March 18, 2012
Here is the final conversation between Pilate and Jesus.  Pilate is no
longer certain he knows who he is talking to.  The Jewish leaders had
suggested that Jesus might be from the gods, and Pilate tried to get to
the bottom of this claim.  Evidently they didn't believe it.  But it created
doubts in Pilate's mind, and caution as to how he should proceed. 
Had Jesus wanted to live, here was his out.  It's very likely Pilate would
have let him go if Jesus had cooperated.  But Jesus stood silent.

"Where do you come from?", Pilate wanted to know.  Jesus refused to
tell him.  "How dare you treat me this way; don't you know I have the
power to free you from all charges!"  

As always in the Gospel accounts, Jesus got in the last word.  He 
informed the Roman governor that he didn't really have any power over
him!  Because all power comes from heaven above.  And then Jesus
confided something to Pilate.  He told him "those who handed me over
to you" are more guilty of my death than you are!   We do not know if
Pilate took any comfort from these words or not.  Is it comforting to be
told that you are not as evil as someone else?  Your sin is not as bad. 
You don't need to feel as guilty as those wicked fellows! 

Remember, this is the same Jesus who said that if you call your
brother a lying rascal, you are guilty of murder; just as if you lust after
a person not your spouse, you are guilty of adultery.  Degree of sin did
not seem to matter to Jesus when he taught the people on that hillside
in Galilee, yet here in this situation he told Pilate he was not as great
a sinner as the fellows outside who were demanding his crucifixion.

                                                John 19:12, NIV
12 From then on, Pilate tried to set Jesus free, but the Jews kept
shouting, "If you let this man go, you are no friend of Caesar.
Anyone who claims to be a king opposes Caesar."

March 19, 2012
Ironically, Jesus best "friend" in this whole ordeal was not one of his
brethren, but the topmost symbol of the foreign invader.  Pilate had
gone to great lengths to release Jesus.  He did not want to pass the
death sentence on a man who was innocent in his eyes.  The Gospel
writer adds detail after detail in order to show the reader that Pilate
was more righteous than the governing religious authorities.

Their argument was quite persuasive.  If Caesar heard that Pilate did
not act decisively when he heard someone claimed to be a "king of the
Jews", there could be severe consequences.  Both to Pilate and the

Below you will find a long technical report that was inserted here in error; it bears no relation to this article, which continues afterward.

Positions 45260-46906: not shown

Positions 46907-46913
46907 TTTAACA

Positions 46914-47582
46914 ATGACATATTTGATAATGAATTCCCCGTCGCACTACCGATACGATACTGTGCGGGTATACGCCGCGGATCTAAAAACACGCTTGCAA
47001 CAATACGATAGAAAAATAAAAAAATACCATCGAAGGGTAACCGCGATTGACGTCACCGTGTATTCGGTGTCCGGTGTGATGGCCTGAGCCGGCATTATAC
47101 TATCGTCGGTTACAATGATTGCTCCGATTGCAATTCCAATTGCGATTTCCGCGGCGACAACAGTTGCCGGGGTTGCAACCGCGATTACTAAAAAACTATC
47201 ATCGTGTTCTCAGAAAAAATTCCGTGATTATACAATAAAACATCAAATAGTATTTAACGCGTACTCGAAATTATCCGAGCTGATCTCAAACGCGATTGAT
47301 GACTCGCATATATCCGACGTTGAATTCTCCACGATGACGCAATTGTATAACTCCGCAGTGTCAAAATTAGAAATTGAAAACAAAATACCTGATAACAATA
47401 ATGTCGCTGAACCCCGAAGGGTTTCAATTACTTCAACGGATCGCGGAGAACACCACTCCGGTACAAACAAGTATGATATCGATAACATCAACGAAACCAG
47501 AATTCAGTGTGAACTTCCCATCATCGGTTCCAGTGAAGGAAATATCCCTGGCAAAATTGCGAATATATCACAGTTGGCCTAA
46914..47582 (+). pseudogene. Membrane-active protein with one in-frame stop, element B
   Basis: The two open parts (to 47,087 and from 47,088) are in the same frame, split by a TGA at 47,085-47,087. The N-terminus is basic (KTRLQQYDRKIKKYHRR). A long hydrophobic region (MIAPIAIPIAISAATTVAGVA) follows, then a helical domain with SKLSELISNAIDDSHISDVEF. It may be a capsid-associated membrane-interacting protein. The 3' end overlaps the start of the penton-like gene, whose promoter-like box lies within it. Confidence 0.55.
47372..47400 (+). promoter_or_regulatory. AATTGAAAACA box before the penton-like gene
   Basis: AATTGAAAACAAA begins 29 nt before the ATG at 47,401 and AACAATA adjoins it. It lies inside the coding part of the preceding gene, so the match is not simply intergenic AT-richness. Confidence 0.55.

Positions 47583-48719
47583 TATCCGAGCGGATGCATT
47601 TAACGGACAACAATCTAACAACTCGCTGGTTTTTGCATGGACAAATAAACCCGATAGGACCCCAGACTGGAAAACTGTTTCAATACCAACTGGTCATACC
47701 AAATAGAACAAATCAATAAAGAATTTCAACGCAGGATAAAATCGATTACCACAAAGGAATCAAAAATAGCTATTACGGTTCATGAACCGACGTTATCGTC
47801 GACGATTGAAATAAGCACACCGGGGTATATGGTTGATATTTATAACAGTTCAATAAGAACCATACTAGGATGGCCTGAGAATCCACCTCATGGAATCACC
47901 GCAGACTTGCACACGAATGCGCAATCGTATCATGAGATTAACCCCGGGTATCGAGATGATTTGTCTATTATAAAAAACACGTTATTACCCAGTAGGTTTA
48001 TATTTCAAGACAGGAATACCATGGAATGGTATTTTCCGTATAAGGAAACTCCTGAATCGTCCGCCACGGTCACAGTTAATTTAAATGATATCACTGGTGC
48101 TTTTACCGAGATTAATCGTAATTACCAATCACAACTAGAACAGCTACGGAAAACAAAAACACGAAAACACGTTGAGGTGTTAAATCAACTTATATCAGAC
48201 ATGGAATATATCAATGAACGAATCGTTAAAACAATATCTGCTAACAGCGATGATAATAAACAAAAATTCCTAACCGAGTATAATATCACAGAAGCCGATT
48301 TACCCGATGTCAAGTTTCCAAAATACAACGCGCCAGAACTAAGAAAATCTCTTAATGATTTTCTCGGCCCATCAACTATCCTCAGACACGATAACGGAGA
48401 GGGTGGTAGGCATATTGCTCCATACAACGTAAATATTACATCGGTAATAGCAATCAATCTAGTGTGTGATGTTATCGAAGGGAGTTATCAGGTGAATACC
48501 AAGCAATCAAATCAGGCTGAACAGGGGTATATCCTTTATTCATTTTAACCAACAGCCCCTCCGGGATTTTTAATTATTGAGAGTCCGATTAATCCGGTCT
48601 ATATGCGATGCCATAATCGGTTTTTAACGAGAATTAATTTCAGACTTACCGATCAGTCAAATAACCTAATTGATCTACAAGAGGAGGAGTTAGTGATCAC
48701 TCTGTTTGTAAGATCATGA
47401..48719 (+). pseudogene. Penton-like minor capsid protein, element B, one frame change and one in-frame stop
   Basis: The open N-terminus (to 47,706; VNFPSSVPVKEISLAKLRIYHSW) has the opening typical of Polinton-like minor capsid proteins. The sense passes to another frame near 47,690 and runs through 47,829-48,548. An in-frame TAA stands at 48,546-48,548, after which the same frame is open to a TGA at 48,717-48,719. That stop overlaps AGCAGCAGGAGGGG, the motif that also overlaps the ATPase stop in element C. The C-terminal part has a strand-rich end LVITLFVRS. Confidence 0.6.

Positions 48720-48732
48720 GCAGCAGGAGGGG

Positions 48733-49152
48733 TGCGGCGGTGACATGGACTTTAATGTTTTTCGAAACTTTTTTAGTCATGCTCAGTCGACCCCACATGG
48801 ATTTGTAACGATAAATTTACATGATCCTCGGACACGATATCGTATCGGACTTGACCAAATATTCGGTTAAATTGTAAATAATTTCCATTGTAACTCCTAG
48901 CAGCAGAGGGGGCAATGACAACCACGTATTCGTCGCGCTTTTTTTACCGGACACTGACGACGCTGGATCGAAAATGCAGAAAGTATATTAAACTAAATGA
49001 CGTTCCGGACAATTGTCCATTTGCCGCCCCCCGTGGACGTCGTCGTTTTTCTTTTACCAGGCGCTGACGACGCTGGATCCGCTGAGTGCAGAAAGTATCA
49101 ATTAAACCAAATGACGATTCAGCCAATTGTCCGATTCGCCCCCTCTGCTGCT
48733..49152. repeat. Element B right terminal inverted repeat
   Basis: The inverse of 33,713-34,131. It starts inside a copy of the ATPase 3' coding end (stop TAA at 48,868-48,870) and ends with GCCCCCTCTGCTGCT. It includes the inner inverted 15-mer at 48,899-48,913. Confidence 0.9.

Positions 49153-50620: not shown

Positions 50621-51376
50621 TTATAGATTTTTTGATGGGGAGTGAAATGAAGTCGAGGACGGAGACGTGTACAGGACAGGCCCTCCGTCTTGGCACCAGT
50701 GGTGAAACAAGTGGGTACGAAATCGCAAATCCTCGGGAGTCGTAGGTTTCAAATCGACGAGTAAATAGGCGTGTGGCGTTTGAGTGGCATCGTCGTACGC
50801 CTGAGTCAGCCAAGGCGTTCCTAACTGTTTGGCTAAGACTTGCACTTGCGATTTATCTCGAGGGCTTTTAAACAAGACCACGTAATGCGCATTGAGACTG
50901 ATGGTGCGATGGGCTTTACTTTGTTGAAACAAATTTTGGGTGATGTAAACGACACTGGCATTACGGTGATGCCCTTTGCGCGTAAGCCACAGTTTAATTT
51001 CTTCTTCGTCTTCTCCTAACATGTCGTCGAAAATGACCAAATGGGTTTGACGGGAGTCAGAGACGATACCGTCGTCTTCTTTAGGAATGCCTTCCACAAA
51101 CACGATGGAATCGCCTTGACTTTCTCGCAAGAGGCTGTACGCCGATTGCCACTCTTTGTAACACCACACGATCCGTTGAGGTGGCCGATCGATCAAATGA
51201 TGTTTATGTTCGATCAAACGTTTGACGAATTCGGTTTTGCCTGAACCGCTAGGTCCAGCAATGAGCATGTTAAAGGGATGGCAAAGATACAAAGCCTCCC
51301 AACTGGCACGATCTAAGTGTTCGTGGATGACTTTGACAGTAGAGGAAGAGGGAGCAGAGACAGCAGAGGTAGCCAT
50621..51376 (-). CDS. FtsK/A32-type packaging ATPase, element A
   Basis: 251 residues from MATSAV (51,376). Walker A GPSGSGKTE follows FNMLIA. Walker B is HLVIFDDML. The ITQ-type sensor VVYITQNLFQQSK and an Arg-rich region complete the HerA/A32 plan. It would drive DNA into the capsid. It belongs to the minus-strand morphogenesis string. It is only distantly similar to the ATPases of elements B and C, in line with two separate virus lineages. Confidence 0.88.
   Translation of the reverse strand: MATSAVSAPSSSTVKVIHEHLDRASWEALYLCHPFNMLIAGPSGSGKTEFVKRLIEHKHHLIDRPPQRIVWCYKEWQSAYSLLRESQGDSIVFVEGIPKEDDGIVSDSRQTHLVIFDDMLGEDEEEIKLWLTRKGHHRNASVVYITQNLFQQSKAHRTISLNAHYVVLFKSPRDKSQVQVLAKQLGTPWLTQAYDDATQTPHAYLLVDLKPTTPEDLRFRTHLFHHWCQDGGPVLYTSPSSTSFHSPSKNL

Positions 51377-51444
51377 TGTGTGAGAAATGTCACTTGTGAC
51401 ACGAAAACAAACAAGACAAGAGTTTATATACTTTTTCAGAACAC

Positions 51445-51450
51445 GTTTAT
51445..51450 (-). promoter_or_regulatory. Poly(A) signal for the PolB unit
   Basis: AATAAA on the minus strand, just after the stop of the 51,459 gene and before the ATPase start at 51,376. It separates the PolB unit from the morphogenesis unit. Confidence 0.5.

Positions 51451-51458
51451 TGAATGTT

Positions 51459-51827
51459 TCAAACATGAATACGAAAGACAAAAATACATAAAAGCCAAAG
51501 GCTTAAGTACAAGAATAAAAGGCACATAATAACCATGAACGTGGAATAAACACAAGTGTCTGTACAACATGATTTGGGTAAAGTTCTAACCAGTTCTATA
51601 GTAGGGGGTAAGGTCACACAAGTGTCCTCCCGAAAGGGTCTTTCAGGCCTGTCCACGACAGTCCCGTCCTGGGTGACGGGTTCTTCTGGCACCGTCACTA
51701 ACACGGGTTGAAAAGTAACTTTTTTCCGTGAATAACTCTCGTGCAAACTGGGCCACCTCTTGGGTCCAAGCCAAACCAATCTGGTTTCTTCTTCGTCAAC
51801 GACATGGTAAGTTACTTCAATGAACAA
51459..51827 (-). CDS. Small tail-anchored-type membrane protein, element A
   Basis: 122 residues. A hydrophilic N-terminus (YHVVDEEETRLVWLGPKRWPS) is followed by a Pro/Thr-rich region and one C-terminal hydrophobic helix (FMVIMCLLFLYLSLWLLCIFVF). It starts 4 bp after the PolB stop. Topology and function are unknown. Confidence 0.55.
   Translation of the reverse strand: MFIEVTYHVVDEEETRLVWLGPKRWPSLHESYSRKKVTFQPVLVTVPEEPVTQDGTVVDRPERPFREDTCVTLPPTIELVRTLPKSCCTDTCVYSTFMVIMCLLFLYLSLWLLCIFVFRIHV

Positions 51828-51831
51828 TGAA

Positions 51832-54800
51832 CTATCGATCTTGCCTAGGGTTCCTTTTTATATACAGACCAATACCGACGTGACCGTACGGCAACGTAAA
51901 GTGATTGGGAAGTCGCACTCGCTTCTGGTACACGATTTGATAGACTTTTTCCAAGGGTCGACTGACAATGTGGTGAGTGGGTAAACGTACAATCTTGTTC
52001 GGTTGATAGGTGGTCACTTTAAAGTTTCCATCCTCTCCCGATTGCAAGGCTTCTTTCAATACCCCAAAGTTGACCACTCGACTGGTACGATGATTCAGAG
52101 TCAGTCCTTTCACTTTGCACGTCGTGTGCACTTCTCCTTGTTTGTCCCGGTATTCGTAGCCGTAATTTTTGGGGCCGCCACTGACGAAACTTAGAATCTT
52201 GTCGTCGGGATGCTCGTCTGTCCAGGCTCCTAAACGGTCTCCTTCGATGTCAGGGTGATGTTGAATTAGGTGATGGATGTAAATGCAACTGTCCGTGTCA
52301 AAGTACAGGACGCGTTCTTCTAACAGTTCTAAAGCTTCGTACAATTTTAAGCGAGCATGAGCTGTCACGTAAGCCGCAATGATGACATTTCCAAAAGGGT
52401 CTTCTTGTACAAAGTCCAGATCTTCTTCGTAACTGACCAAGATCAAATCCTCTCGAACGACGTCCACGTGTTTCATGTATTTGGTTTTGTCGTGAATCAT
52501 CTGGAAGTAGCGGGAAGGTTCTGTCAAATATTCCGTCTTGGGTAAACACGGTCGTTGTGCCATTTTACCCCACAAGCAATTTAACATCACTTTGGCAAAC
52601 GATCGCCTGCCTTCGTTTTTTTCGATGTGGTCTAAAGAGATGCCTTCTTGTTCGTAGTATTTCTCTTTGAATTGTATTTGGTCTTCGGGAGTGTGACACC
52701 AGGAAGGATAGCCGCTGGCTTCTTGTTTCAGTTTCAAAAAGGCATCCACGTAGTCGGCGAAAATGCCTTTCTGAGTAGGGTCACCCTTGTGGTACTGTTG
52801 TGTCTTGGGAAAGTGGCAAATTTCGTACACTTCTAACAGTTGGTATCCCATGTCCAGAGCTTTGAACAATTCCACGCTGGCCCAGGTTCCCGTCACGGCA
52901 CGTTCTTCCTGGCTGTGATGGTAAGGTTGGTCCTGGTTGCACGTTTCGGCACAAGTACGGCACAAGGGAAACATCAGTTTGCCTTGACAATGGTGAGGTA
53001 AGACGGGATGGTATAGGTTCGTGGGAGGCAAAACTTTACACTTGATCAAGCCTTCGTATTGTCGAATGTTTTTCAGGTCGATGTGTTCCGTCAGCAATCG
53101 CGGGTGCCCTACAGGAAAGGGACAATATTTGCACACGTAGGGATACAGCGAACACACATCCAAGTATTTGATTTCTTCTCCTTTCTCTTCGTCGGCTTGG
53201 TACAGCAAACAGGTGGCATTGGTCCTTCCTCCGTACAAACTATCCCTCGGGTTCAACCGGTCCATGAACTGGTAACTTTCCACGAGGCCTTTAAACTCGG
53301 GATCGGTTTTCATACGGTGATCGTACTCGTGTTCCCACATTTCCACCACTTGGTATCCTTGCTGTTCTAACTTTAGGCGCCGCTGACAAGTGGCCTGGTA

Jewish authorities.  And surely Caesar has ears everywhere.

                                               John 19:13-14, NIV
13 When Pilate heard this, he brought Jesus out and sat down
on the judge's seat at a place known as the Stone Pavement
(which in Aramaic is Gabbatha). 14 It was the day of Preparation
of Passover Week, about the sixth hour.  "Here is your king,"
Pilate said to the Jews.

March 20, 2012
In the end, it was Pilate's job to pass judgment.  So he stepped out from
his palace and sat down on the judgment seat.  We can assume Jesus
stood by his side.  Was it fear of repercussions on Pilate's part?  Did he
just want to be done with this whole mess?  He had been robbed of sleep. 
What was the use of prolonging the inevitable?  These religious leaders
were not giving up until they got what they demanded.

For the Jewish people, a day begins at sunset.  Everyone had eaten the
annual Passover meal with their extended family last night. The events
in this text took place on the first morning of the week-long observance. 
The city was packed with pilgrims who had come home to Jerusalem
according to the traditions of their faith.  This evening there would be
more celebration, more sacred time.  Now, with sufficient daylight hours, 
it was time to get on with the crucifixion.

John called it the sixth hour.  Translators interpret the time differently. 
But it is generally agreed that it was noon or earlier.  The Gospel writer,
Mark, records that Jesus was crucified at the third hour, which we
now call 9 A.M.  Footnotes say there were differing ways of telling time,
hence the confusion. 

                                               John 19:15, NIV
15 But they shouted, "Take him away! Take him away! Crucify him!" 
"Shall I crucify your king?" Pilate asked.  "We have no king but
Caesar," the chief priests answered.

March 21, 2012
How low can you go?  These authorities from the land of Judea sank
all the way to the bottom.  In order to persuade Pilate to rule in their
favor, they graveled in the dirt before him and cried out,  "We have no
king but Caesar."  The Jews at the time hated the Romans who
occupied their country.  To mouth these words and bow before the
Roman Caesar, was as low as any person could go. 

They were breaking the standards and overriding spirit of that which
set them apart from all other people--the Law and the Prophets.  Of
course they would rationalize and argue otherwise, but deep inside
they knew they had sold their heart and soul in order to get rid of
Jesus.  Or maybe they couldn't see, because they had conveniently
forgotten their great Law.  Utterly secularized, they rejected Jesus
and embraced Caesar!

After starting down this treacherous road, they found it impossible to
retreat.  They were like a herd of wild animals racing straight toward
an abyss, and nothing was going to stop them.